Garvan Institute of Medical Research. "Potential treatment for a specific kind of pancreatic cancer." ScienceDaily. www.sciencedaily.com/releases/2013/09/130916103532.htm (accessed August 27, 2014).

Share This




More Health & Medicine News

Wednesday, August 27, 2014

Featured Research

from universities, journals, and other organizations


Featured Videos

from AP, Reuters, AFP, and other news services

Predicting Heart Transplant Rejection With a Blood Test

Predicting Heart Transplant Rejection With a Blood Test

Ivanhoe (Aug. 27, 2014) Now a new approach to rejection of donor organs could change the way doctors predict transplant rejection…without expensive, invasive procedures. Video provided by Ivanhoe
Powered by NewsLook.com
Better Braces That Vibrate

Better Braces That Vibrate

Ivanhoe (Aug. 27, 2014) The length of time you have to keep your braces on could be cut in half thanks to a new device that speeds up the process. Video provided by Ivanhoe
Powered by NewsLook.com
Smartphone App Tracks Your Heart Rate

Smartphone App Tracks Your Heart Rate

Ivanhoe (Aug. 27, 2014) A new app that can track your heart rate 24/7 is available for download in your app store and its convenience could save your life. Video provided by Ivanhoe
Powered by NewsLook.com
Stroke in Young Adults

Stroke in Young Adults

Ivanhoe (Aug. 27, 2014) A stroke can happen at any time and affect anyone regardless of age. This mother chose to give her son independence and continue to live a normal life after he had a stroke at 18 years old. Video provided by Ivanhoe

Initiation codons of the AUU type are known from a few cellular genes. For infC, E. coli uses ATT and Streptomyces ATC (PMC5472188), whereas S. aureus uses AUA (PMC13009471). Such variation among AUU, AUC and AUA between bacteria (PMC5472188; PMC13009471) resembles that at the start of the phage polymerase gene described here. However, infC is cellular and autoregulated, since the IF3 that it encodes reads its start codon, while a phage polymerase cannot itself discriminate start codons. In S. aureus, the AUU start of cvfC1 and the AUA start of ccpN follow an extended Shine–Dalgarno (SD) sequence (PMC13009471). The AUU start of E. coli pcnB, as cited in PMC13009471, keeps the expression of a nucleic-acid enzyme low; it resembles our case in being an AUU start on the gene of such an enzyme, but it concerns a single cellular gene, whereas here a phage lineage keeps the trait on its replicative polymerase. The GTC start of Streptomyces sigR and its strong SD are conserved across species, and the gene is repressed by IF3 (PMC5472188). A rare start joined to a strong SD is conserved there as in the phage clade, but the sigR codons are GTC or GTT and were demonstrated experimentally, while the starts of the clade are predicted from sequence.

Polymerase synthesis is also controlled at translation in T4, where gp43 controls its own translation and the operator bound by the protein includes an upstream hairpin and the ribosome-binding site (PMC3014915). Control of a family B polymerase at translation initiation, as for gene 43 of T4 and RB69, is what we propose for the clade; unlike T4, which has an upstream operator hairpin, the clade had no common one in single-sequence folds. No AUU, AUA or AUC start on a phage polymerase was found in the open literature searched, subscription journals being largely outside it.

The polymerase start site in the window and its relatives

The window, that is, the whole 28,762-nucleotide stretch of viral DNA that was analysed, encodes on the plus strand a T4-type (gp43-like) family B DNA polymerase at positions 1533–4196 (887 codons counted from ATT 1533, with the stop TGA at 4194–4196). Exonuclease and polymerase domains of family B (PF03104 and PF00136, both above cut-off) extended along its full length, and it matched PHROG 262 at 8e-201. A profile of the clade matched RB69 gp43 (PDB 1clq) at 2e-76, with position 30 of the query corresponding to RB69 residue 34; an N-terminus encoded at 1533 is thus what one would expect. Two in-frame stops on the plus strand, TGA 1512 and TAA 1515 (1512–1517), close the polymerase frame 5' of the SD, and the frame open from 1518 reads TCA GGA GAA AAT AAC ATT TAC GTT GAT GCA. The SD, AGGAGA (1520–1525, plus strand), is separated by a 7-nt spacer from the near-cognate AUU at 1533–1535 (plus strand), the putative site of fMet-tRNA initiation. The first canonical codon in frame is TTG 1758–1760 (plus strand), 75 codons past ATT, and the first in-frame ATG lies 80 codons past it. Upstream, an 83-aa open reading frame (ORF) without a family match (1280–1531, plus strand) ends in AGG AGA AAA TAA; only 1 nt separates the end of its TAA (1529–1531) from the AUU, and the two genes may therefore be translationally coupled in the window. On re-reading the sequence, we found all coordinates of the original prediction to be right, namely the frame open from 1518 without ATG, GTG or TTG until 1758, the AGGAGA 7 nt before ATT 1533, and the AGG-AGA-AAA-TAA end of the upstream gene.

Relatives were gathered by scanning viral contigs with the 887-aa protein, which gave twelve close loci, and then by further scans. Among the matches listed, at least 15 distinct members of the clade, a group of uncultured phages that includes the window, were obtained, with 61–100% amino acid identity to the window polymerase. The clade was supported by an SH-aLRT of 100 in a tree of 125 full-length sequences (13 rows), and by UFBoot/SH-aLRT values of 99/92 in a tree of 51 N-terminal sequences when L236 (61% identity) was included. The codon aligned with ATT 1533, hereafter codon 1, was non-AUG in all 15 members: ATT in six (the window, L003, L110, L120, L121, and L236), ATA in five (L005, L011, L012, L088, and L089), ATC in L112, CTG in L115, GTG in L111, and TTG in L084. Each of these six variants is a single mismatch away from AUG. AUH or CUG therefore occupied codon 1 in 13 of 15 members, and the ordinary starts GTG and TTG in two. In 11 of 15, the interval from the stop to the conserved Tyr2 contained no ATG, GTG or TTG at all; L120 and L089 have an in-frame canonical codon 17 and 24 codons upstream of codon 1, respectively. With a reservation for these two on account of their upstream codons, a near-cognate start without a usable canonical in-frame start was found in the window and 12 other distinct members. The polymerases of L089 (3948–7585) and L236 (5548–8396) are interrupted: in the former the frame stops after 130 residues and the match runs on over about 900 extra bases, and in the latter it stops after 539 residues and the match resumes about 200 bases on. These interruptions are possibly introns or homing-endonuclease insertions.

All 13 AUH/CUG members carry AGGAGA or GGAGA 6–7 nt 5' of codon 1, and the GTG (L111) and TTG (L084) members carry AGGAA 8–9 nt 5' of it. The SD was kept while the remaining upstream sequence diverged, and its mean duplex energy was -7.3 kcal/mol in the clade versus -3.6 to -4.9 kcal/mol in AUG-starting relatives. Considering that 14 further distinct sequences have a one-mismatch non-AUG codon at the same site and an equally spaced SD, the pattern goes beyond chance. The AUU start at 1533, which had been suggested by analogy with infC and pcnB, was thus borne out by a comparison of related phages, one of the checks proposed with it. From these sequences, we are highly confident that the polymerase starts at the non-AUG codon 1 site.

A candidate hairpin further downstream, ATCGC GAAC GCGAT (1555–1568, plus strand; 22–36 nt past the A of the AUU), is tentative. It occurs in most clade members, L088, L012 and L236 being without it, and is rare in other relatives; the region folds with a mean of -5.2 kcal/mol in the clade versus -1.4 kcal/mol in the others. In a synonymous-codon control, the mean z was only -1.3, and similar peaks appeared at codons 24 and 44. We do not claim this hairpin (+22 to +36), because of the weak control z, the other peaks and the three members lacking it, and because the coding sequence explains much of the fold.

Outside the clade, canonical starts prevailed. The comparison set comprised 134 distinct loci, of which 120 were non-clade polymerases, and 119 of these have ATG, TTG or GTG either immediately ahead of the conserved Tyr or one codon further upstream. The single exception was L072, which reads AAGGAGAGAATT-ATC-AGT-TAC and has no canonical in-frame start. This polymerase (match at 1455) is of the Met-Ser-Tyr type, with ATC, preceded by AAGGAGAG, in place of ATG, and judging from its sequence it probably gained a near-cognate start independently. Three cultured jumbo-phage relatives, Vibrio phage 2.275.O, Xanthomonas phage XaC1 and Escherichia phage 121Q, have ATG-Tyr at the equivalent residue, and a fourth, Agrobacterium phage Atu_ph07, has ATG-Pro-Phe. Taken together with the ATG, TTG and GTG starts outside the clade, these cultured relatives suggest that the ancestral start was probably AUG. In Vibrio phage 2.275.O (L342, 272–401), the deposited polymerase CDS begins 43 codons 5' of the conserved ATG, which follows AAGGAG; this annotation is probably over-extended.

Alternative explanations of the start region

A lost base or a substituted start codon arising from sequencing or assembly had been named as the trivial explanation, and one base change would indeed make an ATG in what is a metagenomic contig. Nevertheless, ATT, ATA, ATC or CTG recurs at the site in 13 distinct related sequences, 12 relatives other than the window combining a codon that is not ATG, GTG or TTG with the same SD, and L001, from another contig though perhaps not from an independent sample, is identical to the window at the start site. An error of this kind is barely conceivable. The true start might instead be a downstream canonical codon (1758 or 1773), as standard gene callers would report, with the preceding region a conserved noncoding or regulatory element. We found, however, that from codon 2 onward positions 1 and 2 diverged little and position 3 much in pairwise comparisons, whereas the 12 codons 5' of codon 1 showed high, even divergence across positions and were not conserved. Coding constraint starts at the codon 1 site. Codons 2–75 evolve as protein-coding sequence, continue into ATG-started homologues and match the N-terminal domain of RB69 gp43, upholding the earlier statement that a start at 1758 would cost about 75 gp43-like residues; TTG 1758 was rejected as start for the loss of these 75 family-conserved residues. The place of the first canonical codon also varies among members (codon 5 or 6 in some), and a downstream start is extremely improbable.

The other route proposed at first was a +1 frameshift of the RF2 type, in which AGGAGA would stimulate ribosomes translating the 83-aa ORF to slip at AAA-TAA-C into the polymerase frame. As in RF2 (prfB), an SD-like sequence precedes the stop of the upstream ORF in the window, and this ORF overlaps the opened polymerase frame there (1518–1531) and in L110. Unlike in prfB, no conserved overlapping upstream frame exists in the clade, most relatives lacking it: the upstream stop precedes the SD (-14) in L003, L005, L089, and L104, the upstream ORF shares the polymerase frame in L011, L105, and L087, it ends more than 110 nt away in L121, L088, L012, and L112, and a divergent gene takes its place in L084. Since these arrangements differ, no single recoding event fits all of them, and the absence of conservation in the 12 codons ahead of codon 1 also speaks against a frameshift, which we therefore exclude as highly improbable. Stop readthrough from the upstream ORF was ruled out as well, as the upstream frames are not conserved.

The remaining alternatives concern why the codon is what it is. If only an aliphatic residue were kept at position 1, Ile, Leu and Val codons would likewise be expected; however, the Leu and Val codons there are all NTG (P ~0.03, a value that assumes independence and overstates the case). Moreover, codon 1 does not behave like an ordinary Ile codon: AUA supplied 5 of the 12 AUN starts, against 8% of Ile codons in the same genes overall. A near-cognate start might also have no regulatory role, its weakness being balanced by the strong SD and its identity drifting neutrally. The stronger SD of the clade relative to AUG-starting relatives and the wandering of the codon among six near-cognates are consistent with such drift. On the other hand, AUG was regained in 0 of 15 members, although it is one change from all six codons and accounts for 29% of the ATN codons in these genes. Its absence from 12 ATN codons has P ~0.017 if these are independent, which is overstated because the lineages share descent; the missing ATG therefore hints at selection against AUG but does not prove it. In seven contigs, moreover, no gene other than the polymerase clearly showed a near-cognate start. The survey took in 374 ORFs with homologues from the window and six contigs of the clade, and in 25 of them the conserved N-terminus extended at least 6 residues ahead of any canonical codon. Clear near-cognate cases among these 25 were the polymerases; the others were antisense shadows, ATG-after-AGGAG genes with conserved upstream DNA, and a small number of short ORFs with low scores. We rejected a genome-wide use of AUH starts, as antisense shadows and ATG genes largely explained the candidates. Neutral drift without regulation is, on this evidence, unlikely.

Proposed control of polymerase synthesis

Powered by NewsLook.com

Search ScienceDaily

Number of stories in archives: 140,361

Find with keyword(s):
Enter a keyword or phrase to search ScienceDaily for related topics and research stories.

Save/Print:
Share:

Breaking News:
from the past week

In Other News

... from NewsDaily.com

Science News

Health News

Environment News

Technology News



Save/Print:
Share:

Free Subscriptions


Get the latest science news with ScienceDaily's free email newsletters, updated daily and weekly. Or view hourly updated newsfeeds in your RSS reader:

Get Social & Mobile


Keep up to date with the latest news from ScienceDaily via social networks and mobile apps:

Have Feedback?


Tell us what you think of ScienceDaily -- we welcome both positive and negative comments. Have any problems using the site? Questions?
Mobile: iPhone Android Web
Follow: Facebook Twitter Google+
Subscribe: RSS Feeds Email Newsletters
Latest Headlines Health & Medicine Mind & Brain Space & Time Matter & Energy Computers & Math Plants & Animals Earth & Climate Fossils & Ruins